United States District Court, D. Utah
W. CLARK APOSHIAN, Plaintiff,
WILLIAM P. BARR, Attorney General of the United States, et al., Defendants.
MEMORANDUM DECISION AND ORDER ORDER DENYING MOTION
FOR PRELIMINARY INJUNCTION
N. PARRISH UNITED STATES DISTRICT COURT JUDGE
matter comes before the court on plaintiff W. Clark
Aposhian's Motion for Preliminary Injunction filed on
January 17, 2019. (ECF No. 10). Defendants filed an
opposition on February 6, 2019, (ECF No. 25), to which Mr.
Aposhian replied on February 11, 2019, (ECF No. 26). The
court heard oral argument for this motion on February 14,
2019. On the basis of that hearing, the parties'
memoranda, a review of relevant law, and for the reasons
below, plaintiff's Motion for Preliminary Injunction is
Regulatory Framework of Machine Guns and Bump-Stock-Type
began regulating machine guns with its passage of the
National Firearms Act of 1934 (the “NFA”). That
act defined such weapons as follows:
The term “machinegun” means any weapon which
shoots, is designed to shoot, or can be readily restored to
shoot, automatically more than one shot, without manual
reloading, by a single function of the trigger. The term
shall also include the frame or receiver of any such weapon,
any part designed and intended solely and exclusively, or
combination of parts designed and intended, for use in
converting a weapon into a machinegun, and any combination of
parts from which a machinegun can be assembled if such parts
are in the possession or under the control of a person.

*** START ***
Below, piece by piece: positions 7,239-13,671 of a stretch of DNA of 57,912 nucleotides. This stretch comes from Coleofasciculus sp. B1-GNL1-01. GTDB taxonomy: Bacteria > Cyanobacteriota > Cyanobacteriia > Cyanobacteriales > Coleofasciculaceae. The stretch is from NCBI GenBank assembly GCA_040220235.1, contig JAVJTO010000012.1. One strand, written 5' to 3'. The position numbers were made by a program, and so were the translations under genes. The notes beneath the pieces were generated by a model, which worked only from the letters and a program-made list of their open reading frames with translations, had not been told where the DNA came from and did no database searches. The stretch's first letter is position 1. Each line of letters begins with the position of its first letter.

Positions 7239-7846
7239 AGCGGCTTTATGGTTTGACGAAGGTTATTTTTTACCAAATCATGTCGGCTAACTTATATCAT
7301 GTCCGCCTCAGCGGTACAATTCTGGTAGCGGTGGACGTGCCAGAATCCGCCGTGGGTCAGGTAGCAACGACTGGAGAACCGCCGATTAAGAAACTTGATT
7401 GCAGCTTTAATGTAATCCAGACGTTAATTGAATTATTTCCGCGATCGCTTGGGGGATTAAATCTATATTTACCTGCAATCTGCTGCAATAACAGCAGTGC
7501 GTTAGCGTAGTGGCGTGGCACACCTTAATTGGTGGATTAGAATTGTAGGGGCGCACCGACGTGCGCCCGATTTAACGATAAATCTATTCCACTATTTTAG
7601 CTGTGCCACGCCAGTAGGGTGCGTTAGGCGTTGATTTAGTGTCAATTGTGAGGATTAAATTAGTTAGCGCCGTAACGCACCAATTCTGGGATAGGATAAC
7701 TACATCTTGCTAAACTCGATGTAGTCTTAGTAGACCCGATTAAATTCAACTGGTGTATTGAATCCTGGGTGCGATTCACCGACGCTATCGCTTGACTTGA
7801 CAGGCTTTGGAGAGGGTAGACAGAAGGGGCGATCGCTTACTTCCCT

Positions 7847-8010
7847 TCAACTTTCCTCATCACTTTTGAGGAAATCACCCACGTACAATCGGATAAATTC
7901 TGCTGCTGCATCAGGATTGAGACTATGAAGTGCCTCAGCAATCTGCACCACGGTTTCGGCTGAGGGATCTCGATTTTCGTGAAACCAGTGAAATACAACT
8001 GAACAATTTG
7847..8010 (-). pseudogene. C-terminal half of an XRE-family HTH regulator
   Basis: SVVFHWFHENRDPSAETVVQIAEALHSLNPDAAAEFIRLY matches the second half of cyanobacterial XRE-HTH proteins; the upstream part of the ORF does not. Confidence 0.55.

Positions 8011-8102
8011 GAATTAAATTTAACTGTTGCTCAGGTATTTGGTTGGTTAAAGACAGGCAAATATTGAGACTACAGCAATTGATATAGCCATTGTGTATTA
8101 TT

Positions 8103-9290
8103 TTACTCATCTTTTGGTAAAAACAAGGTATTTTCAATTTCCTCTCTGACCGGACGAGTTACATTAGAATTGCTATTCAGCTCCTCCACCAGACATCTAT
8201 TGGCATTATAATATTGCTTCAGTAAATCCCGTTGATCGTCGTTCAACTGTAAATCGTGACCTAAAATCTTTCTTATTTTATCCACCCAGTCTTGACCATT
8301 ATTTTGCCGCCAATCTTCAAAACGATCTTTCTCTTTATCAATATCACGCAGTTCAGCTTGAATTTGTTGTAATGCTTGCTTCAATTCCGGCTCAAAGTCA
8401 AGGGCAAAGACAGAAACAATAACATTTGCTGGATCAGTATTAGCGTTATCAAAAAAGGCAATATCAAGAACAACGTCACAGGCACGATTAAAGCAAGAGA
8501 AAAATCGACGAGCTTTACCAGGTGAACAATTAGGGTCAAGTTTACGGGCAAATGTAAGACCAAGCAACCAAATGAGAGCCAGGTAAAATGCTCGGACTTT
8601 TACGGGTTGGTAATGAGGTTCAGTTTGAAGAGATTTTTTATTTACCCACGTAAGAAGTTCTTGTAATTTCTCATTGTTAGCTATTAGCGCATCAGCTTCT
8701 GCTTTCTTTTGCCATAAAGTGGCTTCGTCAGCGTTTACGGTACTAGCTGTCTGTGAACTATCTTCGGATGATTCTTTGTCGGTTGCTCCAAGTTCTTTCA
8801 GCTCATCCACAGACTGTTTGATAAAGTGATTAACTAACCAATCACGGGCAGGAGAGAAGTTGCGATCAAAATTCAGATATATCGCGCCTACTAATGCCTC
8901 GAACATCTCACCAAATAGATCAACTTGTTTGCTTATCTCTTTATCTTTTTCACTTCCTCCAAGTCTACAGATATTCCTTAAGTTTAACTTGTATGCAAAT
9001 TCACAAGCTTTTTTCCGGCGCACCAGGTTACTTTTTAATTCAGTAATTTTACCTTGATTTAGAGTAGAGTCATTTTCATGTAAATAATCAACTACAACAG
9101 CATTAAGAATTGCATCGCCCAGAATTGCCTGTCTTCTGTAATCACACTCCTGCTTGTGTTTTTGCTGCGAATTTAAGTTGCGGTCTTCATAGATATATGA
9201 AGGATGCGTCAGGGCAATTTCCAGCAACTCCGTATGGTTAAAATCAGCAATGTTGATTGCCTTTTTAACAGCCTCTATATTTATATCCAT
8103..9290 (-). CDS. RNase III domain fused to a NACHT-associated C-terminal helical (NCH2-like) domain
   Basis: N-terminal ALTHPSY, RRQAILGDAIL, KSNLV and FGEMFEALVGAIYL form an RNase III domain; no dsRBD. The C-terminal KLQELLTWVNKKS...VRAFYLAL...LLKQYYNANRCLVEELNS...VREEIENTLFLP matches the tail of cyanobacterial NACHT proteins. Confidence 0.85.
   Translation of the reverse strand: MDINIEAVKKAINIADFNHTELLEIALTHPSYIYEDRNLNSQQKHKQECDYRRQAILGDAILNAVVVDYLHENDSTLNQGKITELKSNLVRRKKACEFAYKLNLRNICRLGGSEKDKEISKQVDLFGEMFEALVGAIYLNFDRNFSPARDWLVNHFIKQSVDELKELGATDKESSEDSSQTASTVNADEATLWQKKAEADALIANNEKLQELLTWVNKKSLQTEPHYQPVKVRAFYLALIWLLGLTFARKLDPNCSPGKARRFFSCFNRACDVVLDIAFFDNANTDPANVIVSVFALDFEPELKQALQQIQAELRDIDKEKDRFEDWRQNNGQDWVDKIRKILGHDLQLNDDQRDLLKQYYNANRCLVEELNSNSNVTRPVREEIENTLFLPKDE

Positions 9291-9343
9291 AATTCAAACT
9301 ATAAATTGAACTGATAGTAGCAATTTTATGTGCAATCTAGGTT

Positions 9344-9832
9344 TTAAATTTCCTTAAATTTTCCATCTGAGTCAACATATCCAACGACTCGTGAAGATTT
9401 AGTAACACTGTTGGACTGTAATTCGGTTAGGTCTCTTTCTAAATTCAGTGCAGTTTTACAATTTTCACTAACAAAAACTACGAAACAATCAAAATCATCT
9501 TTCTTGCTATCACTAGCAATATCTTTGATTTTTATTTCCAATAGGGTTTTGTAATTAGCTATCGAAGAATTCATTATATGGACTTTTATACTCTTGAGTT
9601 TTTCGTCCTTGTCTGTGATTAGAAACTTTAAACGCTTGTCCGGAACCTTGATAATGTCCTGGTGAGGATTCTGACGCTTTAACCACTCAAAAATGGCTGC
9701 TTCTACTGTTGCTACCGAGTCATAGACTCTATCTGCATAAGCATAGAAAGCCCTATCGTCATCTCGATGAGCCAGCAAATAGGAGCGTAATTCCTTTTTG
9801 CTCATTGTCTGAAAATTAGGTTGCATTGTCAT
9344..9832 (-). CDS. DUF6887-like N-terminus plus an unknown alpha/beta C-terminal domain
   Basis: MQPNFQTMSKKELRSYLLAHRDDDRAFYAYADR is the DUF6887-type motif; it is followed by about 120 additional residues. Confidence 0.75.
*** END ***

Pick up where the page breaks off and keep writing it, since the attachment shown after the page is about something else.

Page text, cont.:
26 U.S.C. § 5845(b). The Gun Control Act of 1968 (the
“GCA”) incorporated this definition by reference
into the criminal code. See 18 U.S.C. § 921(23)
(“The term ‘machinegun' has the meaning given
such term in section 5845(b) of the National Firearms Act . .
. .”). Today, with limited exceptions, it is
“unlawful for any person to transfer or possess a
machinegun.” 18 U.S.C. § 922(o).
2006, the Bureau of Alcohol, Tobacco, Firearms, and
Explosives (the “ATF”) ruled that a
bump-stock-type device called the Akins Accelerator qualified as
a machine gun. The Akins Accelerator employed internal
springs to harness the weapon's recoil energy to
repeatedly force the rifle forward into the operator's
finger. In labeling the Akins Accelerator a machine gun, the
ATF interpreted the statutory language “single function
of the trigger” to mean “single pull of the
trigger.” The inventor of the Akins Accelerator
subsequently challenged this interpretation in federal court.
After the district court rejected the challenge, the Eleventh
Circuit Court of Appeals affirmed, concluding that the
ATF's interpretation was “consonant with the
statute and its legislative history.” See Akins v.
United States, 312 Fed.Appx. 197, 200 (11th Cir. 2009).
2008 to 2017, the ATF issued ten letter rulings in response
to requests to classify bump-stock-type devices. Applying the
“single pull of the trigger” interpretation,
these rulings found that the devices at issue-including Mr.
Aposhian's Slide Fire device-indeed allowed a shooter to
fire more than one shot with a single pull of the trigger.
However, because the subject devices did not rely on internal